|Wild things, from the IAB.|
After a delighted browse through the website and blog of the Integrated Arts Academy in Burlington, Vermont, this morning, my version for the day is, "One mind, many paths."
For perhaps three decades or more, educators and others who ponder how we share our stories and our humanity have recognized the validity of "multiple intelligences": Some of us shine in our approach to words, others through numbers, others through music or visual arts or culinary arts. And that's the reason that so many curriculum guides to youth literature include visual arts and sometimes recipes in the guides.
However, a teaching enterprise like the Integrated Arts Academy is a reminder that we can't expect to stick on "arts" exercises as if they were stamps to fill a page, and then expect "the kids" to connect. Instead, on the best of our days and in the best of classrooms, the multiple receptors of every student come first in planning how to introduce and develop a topic.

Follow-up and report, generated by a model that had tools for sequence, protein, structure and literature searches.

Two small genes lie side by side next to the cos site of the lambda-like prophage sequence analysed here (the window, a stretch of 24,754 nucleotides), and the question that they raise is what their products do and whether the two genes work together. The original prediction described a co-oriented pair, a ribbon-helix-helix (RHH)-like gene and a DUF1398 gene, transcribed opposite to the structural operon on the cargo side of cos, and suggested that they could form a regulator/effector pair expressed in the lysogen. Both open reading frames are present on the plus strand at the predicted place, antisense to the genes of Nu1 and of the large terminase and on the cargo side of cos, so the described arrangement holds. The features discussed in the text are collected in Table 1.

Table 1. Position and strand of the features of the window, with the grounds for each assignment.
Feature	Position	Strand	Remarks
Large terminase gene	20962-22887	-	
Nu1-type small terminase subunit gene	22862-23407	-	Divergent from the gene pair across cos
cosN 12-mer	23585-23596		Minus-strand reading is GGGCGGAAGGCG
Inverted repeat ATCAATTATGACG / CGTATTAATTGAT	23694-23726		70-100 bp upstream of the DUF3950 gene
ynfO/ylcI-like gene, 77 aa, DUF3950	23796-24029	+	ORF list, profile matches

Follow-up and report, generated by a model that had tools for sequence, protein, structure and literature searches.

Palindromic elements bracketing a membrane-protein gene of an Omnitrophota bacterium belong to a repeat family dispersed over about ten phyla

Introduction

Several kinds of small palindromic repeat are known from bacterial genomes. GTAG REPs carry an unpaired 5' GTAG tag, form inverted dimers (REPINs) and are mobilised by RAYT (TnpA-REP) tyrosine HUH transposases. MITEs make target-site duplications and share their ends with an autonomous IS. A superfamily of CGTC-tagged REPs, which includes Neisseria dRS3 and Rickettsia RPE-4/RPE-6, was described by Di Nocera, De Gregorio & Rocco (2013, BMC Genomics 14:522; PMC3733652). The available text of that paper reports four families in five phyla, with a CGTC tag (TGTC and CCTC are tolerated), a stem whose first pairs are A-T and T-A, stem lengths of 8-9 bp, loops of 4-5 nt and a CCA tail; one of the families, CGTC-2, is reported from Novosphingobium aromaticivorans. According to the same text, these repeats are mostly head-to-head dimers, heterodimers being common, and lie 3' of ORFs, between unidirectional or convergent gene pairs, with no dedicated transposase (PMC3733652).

In writing The Secret Room, my choice was to focus in each chapter on all five of my senses, but most especially to pay attention to scent, fragrance, what things smell like. Marcel Proust, of course, reminded us that the scent of a single cookie can bring back an era and a set of attachments. For me, the scent of horse manure, the dairy barn, and the cedar fragrance of a well-sawdusted chicken house all evoke different times and meanings from my life. And I deliberately bring them into my stories, to let readers build from those reminders also. (I'll talk about "sound" in terms of my newest book, due out this fall, Cold Midnight.)
In an integrated arts curriculum, there must be five "senses" in another way. Suppose one of them is rooted in paying attention to where we are: the sense of place. In the same way that a festival flag for "MOUNTAIN" is just the start of exploring what a mountain is -- and what a Vermont mountain is, and what it feels like, acts like, means in our story -- we can approach a moment of history or a set of characters and call forth their attachment to the exact place they inhabit.
What are the senses you use as you savor the place where you are today? List three important qualities of the where/when of your day. How could each one nourish your own hunger for learning and for creating?